A Pokemon and a pair of local felines have been snuck into Langley City’s newest outdoor mural.
Maddie Pohl’s mother might have been the one commissioned to paint the latest laneway murals in the centre of the City, but the 14-year-old teen secretly infused a little of herself and what is important to her.
It came in the form of a hidden game icon for Pokemon Go fans, plus her two family cats – Dexter and Spencer. She managed to paint the better part of both cats while her mom was away in – in just under 15 minutes.
“Needless to say, this was not in the original plan,” Judy Pohl said with a laugh, recounting this surprise her daughter delivered last month, while Judy was working on a month-long effort to revitalize an alleyway parking lot next to McBurney Plaza.
She even pulled in four people to assist with this endeavour, to help paint the red brick walls and blue sky that make up a big part of her mural.
The walls of two buildings have bene transformed into a green alleyway from Quebec.
Initially, dozens of ideas were tossed around for what should be painted. They included dinosaurs, giraffes, and astronauts. But ultimately, the selection committee chose to recreate the concept of green alleys – complete with a windmill and some planter beds that are accurate to some of the Montreal laneways.
The goal was to make this transitional space more inviting, safe, and family friendly for Langley residents and visitors, said the City’s communication officer Samantha Paulson.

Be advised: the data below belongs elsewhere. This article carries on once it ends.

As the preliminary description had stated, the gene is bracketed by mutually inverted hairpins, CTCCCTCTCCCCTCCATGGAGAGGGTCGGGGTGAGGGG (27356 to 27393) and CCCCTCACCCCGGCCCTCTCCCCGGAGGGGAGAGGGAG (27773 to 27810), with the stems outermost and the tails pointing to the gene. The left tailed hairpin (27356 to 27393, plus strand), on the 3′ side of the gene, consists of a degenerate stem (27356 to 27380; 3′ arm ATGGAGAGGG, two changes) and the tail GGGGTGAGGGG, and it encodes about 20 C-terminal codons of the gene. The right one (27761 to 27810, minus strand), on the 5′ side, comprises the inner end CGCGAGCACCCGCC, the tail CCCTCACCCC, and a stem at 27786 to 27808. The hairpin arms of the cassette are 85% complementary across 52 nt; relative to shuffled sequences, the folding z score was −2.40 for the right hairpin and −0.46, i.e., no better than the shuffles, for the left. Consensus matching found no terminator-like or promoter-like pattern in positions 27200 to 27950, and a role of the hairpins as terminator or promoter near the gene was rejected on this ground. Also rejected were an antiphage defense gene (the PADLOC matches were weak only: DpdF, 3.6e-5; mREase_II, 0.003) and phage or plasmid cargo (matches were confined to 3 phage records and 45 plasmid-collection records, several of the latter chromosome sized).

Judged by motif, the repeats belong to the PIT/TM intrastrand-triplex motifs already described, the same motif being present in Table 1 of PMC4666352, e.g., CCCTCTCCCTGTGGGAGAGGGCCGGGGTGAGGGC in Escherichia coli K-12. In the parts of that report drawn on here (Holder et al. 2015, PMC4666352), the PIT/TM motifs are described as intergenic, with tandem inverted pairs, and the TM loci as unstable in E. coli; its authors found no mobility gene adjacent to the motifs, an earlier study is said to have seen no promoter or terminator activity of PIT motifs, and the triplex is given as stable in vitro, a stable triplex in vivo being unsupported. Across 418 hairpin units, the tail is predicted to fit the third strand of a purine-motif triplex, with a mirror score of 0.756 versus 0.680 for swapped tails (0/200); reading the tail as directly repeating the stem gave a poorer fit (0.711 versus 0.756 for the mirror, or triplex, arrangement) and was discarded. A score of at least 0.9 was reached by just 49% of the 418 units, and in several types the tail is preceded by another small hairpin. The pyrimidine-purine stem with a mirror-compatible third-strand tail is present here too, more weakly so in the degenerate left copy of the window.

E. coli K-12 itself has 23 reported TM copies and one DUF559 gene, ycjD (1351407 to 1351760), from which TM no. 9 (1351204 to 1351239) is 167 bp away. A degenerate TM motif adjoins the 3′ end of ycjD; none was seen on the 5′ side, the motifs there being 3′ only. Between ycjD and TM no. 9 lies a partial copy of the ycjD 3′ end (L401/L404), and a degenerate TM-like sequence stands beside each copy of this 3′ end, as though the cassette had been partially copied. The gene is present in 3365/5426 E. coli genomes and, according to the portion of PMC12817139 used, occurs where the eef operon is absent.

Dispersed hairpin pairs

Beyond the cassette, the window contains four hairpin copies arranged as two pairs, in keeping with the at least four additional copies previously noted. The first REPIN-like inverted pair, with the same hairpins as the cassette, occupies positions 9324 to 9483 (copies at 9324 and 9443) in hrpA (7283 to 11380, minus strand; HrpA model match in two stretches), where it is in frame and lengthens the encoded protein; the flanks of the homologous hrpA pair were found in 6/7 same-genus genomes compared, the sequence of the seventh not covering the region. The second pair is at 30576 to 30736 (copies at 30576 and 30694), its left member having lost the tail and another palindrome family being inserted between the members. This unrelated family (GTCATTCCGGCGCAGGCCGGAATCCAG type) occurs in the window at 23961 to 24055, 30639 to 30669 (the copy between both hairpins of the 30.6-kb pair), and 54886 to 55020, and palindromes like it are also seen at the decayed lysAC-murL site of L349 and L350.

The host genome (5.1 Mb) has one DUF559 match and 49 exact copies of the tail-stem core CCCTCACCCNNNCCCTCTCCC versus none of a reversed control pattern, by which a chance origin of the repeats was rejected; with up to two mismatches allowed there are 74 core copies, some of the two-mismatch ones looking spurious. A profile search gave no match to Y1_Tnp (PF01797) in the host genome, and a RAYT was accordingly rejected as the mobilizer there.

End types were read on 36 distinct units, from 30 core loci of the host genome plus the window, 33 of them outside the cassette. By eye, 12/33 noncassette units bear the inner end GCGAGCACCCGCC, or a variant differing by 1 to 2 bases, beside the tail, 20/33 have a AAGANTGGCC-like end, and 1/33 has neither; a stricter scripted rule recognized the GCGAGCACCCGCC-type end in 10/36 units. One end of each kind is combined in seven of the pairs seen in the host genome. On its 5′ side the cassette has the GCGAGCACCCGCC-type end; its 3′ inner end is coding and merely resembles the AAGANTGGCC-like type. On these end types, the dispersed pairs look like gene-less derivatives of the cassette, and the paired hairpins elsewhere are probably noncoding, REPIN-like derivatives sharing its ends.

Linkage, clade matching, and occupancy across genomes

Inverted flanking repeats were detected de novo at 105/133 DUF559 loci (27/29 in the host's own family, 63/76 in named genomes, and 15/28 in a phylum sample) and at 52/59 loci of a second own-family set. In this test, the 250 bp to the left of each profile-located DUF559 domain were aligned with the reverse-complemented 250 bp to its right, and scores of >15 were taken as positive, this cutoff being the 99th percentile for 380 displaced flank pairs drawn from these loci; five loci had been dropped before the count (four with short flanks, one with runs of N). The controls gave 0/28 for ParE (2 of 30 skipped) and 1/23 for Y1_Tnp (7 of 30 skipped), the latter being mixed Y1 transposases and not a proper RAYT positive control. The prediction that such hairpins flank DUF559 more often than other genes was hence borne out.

The “laneway activation initiative,” as it has been dubbed, is one of four downtown initiatives approved and undertaken by Langley City council this year.
Other initiatives include McBurney Plaza activities, pilot evening activities, and the pilot parklet program, she added.
The completed mural was unveiled Wednesday, but Pohl said that while it’s 95 per cent finished, she’ll sneak back in the spring to add a few more details.
This was Pohl’s fifth mural in downtown Langley, to date.
Asked of her favourite part of this mural, the Langley City resident – who makes her living painting murals, chalkboards, windows, and signs – said it is a small rusty tricycle incorporated into the image.
Asked which is her favourite mural in Langley, she admitted to falling in love with one she painted in the spin room at Timms Community Centre, second best being a painting she did this summer at the entrance of All of Oils.
But each mural has a little part of her in them. And this one and a bee mural she painted this summer on nearby Salt Lane, offer a little something special from her daughter, as well.
Asked what’s next, Judy said she’s in the midst of her “crazy season,” painting Christmas windows all over the Lower Mainland.
When that’s done, she’s planning to embark on an Alzheimer’s tribute. “Something that makes me cry,” Judy said, noting it’s a project for a close friend.
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